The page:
The value of the 24-h proteinuria in evaluating the severity of preeclampsia and predicting its adverse maternal outcomes.

The value of the 24-h proteinuria in evaluating the severity of preeclampsia and predicting its adverse maternal outcomes. Hypertens Pregnancy. 2018 Jul 24;:1-8 Authors: Li B, Lin L, Yang H, Zhu Y, Wei Y, Li X, Chen D, Zhao X, Cui S, Ding H, Ding G, Meng H, Wei H, Sun X, Xin H Abstract BACKGROUND: To identify the 24-h proteinuria value with quantitative analysis and how it correlates with the severity of preeclampsia and subsequent adverse maternal outcomes in the Chinese population. STUDY DESIGN: Eleven hospitals in 10 provinces across China were chosen, in which 1,738 pregnant women complicated by hypertensive disorders of pregnancy (HDP) with the records of 24 h proteinuria were enrolled. They were allocated into four groups: patients with maximal quantified proteinuria
Source: Hypertension in Pregnancy - Category: OBGYN Tags: Hypertens Pregnancy Source Type: research

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AbstractPreeclampsia, a major disorder of human pregnancy, manifests as persistent hypertension and proteinuria presenting after 20  weeks of pregnancy. Multiple systemic symptoms might be associated with preeclampsia including thrombocytopenia, liver impairment, pulmonary edema, and cerebral disturbances. However, vascular dysfunction remains the core pathological driver of preeclampsia. Defective placental implantation follow ed by dysfunctional placental spiral artery development promotes a hypoxic environment. Massive endothelial dysfunction characterized by reduced vasodilation, augmented vasoconstriction, and in...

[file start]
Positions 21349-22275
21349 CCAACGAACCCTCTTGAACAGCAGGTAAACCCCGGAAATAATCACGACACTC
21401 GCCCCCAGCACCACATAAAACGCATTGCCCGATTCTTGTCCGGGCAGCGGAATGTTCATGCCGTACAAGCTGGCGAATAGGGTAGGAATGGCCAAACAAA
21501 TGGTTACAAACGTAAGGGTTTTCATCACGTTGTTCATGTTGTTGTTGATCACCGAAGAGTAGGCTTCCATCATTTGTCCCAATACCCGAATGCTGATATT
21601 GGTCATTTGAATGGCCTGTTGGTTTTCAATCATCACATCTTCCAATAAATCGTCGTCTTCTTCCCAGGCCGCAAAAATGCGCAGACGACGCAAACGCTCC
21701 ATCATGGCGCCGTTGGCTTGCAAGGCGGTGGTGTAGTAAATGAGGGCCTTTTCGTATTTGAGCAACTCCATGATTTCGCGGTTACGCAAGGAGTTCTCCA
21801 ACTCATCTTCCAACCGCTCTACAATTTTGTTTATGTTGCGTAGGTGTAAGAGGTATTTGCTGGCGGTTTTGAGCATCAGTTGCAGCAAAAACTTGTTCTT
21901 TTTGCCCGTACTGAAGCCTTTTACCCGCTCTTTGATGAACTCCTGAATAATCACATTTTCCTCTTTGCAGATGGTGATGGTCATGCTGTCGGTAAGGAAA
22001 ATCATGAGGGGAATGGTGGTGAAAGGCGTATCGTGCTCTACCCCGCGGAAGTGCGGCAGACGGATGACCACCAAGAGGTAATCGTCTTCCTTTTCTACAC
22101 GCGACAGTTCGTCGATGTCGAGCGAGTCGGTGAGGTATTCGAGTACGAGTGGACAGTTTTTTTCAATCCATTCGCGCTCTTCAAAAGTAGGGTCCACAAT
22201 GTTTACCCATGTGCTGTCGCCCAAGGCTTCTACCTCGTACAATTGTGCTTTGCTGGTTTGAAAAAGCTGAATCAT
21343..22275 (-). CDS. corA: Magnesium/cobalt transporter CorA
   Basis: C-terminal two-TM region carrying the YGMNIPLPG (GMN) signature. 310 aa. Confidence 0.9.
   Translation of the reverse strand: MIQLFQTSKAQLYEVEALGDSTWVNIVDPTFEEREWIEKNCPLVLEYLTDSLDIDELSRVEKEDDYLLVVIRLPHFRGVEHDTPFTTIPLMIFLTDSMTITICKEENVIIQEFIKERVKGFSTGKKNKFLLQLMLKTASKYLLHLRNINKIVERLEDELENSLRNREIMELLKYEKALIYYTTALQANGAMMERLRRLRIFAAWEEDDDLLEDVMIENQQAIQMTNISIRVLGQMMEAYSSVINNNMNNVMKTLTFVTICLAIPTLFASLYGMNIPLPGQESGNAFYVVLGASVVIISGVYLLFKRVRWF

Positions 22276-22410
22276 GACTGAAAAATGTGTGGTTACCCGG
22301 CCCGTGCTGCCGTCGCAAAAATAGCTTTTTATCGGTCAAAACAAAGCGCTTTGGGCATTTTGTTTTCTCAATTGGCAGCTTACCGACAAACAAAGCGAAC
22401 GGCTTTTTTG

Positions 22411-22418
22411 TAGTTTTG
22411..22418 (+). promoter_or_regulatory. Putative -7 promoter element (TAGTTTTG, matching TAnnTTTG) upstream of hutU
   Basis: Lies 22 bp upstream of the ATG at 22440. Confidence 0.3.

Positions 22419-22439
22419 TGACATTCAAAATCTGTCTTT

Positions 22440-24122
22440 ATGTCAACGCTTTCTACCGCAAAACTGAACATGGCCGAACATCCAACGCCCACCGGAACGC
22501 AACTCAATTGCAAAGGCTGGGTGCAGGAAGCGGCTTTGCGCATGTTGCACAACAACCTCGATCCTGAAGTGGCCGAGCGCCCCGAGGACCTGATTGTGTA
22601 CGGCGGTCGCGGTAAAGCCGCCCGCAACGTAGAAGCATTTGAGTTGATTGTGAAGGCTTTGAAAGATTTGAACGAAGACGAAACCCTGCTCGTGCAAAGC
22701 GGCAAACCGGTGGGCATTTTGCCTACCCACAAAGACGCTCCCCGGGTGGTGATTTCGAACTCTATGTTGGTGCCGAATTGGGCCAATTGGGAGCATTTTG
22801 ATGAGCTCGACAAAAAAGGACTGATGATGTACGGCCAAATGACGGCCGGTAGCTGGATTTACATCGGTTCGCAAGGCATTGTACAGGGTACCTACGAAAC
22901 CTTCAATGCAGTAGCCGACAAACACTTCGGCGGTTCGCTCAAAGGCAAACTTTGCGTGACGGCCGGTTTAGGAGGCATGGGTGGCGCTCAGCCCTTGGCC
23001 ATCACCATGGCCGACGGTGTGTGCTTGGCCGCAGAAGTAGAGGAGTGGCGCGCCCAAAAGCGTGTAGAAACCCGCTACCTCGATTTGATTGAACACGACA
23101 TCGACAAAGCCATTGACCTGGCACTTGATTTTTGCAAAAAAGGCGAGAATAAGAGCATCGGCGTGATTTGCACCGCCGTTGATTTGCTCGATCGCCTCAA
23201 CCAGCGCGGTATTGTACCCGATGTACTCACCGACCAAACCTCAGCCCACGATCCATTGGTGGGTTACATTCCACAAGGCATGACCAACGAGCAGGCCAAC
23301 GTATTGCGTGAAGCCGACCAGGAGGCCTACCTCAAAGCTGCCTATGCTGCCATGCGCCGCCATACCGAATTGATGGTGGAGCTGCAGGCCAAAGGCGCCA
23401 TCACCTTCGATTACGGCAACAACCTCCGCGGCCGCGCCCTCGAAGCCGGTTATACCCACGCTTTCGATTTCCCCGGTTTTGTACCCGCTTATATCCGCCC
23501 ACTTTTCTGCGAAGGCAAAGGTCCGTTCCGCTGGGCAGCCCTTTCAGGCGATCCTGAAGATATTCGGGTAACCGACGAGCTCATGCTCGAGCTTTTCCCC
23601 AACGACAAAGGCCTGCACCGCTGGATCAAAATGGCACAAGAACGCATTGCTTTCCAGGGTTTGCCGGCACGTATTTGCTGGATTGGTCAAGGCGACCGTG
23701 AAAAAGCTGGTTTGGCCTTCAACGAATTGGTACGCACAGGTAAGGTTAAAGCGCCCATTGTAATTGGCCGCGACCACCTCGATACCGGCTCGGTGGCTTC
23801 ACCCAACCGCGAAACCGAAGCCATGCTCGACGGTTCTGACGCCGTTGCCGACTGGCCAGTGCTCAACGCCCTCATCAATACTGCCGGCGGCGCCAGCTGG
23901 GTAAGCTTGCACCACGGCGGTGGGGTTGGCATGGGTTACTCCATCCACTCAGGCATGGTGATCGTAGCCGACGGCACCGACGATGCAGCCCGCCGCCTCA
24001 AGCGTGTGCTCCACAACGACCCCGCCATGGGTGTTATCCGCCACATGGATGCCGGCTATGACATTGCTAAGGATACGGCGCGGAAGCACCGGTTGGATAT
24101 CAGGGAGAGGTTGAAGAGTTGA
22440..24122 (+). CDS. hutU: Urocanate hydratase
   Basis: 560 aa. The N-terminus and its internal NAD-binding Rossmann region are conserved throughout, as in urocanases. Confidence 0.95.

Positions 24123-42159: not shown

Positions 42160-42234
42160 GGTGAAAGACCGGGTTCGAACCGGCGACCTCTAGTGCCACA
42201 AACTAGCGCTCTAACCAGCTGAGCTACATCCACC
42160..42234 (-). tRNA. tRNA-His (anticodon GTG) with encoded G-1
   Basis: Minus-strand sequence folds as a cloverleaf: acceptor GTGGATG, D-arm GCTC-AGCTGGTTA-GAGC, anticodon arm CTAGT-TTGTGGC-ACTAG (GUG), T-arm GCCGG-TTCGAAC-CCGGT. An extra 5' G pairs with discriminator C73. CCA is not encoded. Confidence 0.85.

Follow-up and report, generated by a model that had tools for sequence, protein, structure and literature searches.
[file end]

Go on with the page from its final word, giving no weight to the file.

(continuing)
Source: Microcirculation - Category: Research Authors: Tags: INVITED REVIEW Source Type: research
​BY GREGORY TAYLOR, DO, &SHERIF G. EL-ALAYLI, DOA 30-year-old G5P3 presented to the ED with bilateral lower-extremity edema and headache for three days. She presented one week after an uncomplicated full-term vaginal delivery with an unremarkable pregnancy course and no prior requirement for antihypertensive therapy. The headache was described as achy to sharp, with associated photophobia. She also noted occasional vaginal spotting, which was common a few weeks after delivery. She denied any chest pain, shortness of breath, nausea or vomiting, abdominal pain, or any other symptoms. She admitted to occasional mild cra...
Source: The Case Files - Category: Emergency Medicine Tags: Blog Posts Source Type: research
We report of a patient who presented with enteritis as manifestation of new-onset SLE during the first trimester of pregnancy. Patients concerns: The 23-year nulliparous patient was admitted to a district hospital with abdominal pain, nausea, vomiting and bloody diarrhea at a gestational age (GA) of 10 weeks. Her symptoms improved with symptomatic treatment and she was discharged a few days later. At 15 weeks’ of gestation she was readmitted. Her lab results revealed mild anemia and thrombocytopenia. Ascites, renal failure and proteinuria developed. An infectious cause was suspected, but stool samples and urine cu...